It’s all about that (sea) bass – updated

UPDATE 1/11/2016

Since this event, the European Commission have published a proposal for bass management measures in 2017. If adopted, only recreational fisheries and commercial hook and line will be allowed to target Northern Sea Bass, though there is still no move to introduce a plan for Southern Bass.

The European Anglers Association commented:

“We are happy about the proposal’s direction and most of the details. The biggest surprise may be the ban on bass fishing with nets. This alone would bring a robust reduction in the total of commercial bass catches, increase the protection of juvenile bass, and make control and enforcement easier.”

You can read more about their proposal here

I recently hosted an excellently-attended event in the European Parliament, organised jointly by EAA and EFTTA, on recreational fisheries and the long-term management of sea bass.

Recreational fisheries are often key to the social and economic prosperity of coastal regions. They support many sectors beyond fishing, including accommodation, hospitality and transport. In England alone, they are responsible for a spend of over £1.2 million, and support 10,400 jobs, figures which are even higher when their indirect impact is taken into account.

However, anglers are often overlooked when implementing fisheries policy, particularly in the case of sea bass. As a result, they often bear a disproportionate amount of the measures brought in to protect stocks.

Although the European Commission and Parliament introduced measures to significantly reduce the catch of bass in all fisheries, the Council of Ministers, which is comprised of national representatives, watered down these proposals, exempting commercial fisheries using hooks and lines and set gillnets, which account for 48% of total sea bass landings in 2015.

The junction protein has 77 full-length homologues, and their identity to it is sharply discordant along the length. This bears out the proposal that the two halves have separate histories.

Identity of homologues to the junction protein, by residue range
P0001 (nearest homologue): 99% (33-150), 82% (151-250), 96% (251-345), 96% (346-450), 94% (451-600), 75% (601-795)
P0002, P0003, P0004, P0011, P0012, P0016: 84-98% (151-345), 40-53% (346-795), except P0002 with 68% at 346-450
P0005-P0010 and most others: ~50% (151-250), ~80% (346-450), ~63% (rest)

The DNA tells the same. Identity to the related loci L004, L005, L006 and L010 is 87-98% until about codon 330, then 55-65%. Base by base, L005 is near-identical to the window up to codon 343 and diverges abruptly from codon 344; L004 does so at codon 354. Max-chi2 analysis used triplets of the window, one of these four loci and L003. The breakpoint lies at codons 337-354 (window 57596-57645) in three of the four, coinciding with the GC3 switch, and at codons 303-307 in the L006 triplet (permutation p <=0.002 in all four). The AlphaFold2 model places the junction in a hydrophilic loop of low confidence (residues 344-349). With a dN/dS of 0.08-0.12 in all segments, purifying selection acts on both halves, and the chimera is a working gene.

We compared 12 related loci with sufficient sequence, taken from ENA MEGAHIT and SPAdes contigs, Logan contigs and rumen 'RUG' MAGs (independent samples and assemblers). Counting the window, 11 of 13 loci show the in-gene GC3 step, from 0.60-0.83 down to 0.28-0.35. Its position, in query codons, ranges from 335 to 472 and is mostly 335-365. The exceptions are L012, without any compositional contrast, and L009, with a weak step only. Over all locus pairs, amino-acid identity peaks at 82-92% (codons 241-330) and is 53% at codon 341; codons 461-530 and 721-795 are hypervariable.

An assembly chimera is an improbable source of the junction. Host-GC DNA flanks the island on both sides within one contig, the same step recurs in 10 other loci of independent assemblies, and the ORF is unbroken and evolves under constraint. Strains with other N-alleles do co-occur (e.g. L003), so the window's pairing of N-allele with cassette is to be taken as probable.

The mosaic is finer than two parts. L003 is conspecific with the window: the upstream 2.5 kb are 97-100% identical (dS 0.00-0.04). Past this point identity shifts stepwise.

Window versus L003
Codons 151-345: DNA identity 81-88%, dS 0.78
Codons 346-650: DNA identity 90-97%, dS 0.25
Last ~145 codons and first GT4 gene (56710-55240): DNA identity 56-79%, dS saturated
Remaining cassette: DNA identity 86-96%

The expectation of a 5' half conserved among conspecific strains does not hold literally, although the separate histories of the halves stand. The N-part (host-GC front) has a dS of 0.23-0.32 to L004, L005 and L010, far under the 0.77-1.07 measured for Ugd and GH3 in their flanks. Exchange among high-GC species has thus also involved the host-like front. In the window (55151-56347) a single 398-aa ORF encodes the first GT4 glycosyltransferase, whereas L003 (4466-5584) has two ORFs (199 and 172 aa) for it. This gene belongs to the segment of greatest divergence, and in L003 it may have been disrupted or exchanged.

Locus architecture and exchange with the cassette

Of course, this did not stop countries implementing their own legislation to protect sea bass. Ireland, which is seen as having one of the better long-term management plans, put a ban on commercial bass fishing, and reduced anglers to 2 catches a day, meeting a minimum size requirement.

However, as neighbouring countries failed to take similar action, sea bass stocks are now at a dangerous level, with stocks below the level at which recovery can be guaranteed. The International Council for Exploration of the Sea (ICES) has advised a complete moratorium in 2017 as a precautionary approach.

This is an outcome no-one wishes to see. But, if action isn’t taken, we may miss our only opportunity to save sea bass stocks and those fisheries which rely on them. But it is essential to get the balance right between commercial and recreational fishers, taking account of the real responsibilities for over-fishing and the full economic and social implications involved.

 

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